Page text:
Building Logics

Apr 21, 2020 - 4 minute read - Vegetation

Basically there are two different types of green roof systems, either intensive or extensive

Intensive and Extensive

Basically there are two different types of green roof systems, either intensive or extensive. You will know the two types by their structures. An intensive roof normally requires a very massive structure to support it. If for example we wanted to have trees growing on top of our roof, it would be necessary to provide soil approximately three feet deep to sustain the desired vegetation. As you can imagine when that soil is wet, it will present a massive dead load on the structure. You will typically find an intensive system on parking decks, massive structures, and things like that where you have the structural capacity to support that kind of load. An extensive green roof system on the other hand is a very lightweight system that will impose a minimal dead load on the structure of the building. Typically with an extensive roof system, the entire area of the roof is green. The final roof covering is intended to make the entire roof appear like a meadow or field in a natural state. There are a variety of different elements involved in extensive and intensive roof systems. Each one of these roof systems will consist of a structural deck with insulation to comply with local energy codes on top of that. One questions often asked is; will the green roof itself add r-value to the roof system and to the building? The answer is yes; but only at certain times of the year. We are going to try to keep these roofs moist and anything that is wet becomes a thermal conductor, not an insulator. When you are calculating the r-value for a roof you should not include any additional r-value that will be generated by a green roof system. Always include the amount of insulation that will necessary to give the proper r-value required for the building.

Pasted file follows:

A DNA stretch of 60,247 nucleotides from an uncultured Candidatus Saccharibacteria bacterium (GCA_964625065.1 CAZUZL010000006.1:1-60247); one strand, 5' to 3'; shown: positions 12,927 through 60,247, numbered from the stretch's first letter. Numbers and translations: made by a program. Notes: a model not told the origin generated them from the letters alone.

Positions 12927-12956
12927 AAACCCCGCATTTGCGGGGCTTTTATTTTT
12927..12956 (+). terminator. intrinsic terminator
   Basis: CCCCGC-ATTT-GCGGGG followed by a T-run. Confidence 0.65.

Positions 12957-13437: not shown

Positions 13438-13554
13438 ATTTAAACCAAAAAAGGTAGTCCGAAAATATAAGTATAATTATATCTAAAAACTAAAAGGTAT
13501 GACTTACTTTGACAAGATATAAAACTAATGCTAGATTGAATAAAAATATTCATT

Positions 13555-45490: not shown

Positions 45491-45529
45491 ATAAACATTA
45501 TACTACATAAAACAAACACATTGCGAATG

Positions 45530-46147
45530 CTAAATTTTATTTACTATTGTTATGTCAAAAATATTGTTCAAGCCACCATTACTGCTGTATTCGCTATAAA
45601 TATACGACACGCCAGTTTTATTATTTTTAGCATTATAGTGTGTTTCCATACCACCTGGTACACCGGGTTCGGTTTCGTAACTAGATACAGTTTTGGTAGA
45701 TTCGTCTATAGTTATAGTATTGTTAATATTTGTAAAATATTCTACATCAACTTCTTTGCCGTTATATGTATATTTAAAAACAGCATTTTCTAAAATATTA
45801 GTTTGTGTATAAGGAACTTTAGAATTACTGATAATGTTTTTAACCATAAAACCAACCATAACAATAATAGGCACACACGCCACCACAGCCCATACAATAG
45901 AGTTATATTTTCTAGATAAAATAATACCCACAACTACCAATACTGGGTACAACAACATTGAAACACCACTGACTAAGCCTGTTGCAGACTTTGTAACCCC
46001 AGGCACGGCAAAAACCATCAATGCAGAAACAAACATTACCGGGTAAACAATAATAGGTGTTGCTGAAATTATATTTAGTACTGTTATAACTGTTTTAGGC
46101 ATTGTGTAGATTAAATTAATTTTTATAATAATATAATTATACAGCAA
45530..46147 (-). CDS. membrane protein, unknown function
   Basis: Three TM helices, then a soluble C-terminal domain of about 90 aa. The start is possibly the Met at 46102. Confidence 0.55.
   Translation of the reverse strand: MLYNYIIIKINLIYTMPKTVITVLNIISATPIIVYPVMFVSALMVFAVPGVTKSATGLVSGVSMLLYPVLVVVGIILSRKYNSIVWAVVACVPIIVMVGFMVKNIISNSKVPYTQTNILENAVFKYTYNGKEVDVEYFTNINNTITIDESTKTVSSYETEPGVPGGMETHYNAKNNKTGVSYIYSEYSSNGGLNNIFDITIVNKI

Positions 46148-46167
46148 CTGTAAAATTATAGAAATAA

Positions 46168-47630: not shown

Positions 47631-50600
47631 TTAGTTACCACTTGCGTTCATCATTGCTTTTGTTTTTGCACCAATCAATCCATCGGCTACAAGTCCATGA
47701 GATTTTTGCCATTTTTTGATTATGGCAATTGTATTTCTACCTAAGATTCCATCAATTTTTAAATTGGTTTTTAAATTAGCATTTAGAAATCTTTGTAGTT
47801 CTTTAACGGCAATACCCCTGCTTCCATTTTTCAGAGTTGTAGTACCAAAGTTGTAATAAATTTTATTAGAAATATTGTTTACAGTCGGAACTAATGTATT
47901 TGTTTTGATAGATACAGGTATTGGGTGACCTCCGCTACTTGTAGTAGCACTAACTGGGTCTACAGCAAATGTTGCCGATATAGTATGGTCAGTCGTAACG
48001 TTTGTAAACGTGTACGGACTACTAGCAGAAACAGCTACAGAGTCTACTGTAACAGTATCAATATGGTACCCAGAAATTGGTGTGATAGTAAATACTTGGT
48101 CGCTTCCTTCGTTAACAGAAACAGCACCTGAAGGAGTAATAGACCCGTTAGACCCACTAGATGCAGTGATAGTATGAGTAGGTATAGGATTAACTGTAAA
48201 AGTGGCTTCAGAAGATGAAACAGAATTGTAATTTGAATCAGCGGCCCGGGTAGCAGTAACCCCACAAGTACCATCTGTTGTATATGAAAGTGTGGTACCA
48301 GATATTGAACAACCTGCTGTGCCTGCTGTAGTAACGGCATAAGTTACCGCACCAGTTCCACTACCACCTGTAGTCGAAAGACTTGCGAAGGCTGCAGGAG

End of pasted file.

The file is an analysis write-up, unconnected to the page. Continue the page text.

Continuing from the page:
The next component is the waterproofing membrane or roofing membrane. Absolutely crucial to the performance of these roofs is a good sound waterproof membrane, after all, we are now going to be allowing water to stay these roofs. In the past it has been industry practice to remove the water from a roofing system. Green roof technology requires a system that is more resistant to constant moisture exposure. In addition to the waterproof membrane, a green roof requires a root resistant layer to prevent the plant roots from penetrating the water proof membrane. Next we will have to include some type of water retention system which will hold the necessary moisture on the roof to sustain the plant life. Here is an egg crate type of design for a water retention system. Each one of the voids where an egg would sit is designed to retain water. On top of that is a filter cloth that keeps the soil from filling up the cavities where the egg would sit. This is only one type of water retention system. Another type is a vegetation mat. It looks a lot like a carpet pad and is made of 100% recycled materials. It actually has nutrients built into it that will help promote plant growth. This can be placed directly on top of the waterproofing membrane. A filter cloth is not necessary with this product. There are a couple of other options to consider as well.

Soil substrate is placed on top of the filter cloth or matt. The type of soil and the amount of the soil will depend on the type of plant that the landscape architect or botanist would recommend for your particular area. Most commonly the type of plants used for an extensive green roof system are known as sedums. A sedum is a rock garden variety plant.

To reiterate, there are two different types. With an intensive roof system you will find a greater amount of soil necessary to sustain trees, shrubs or large plants that need a much deeper root base to survive. An extensive roof system requires a minimal amount of soil. Typically two inches is all that is required to sustain the sedum. The soil mixture used will consist a lot of clay and gravel and not as much topsoil. Some people however have chosen to use a manicured lawn for the ground cover of the roof, which is fine. Understand , however, that if you incorporate a lawn on top of the roof it will require maintenance and a deeper root base. Typically about 6 inches, to sustain that type of lawn.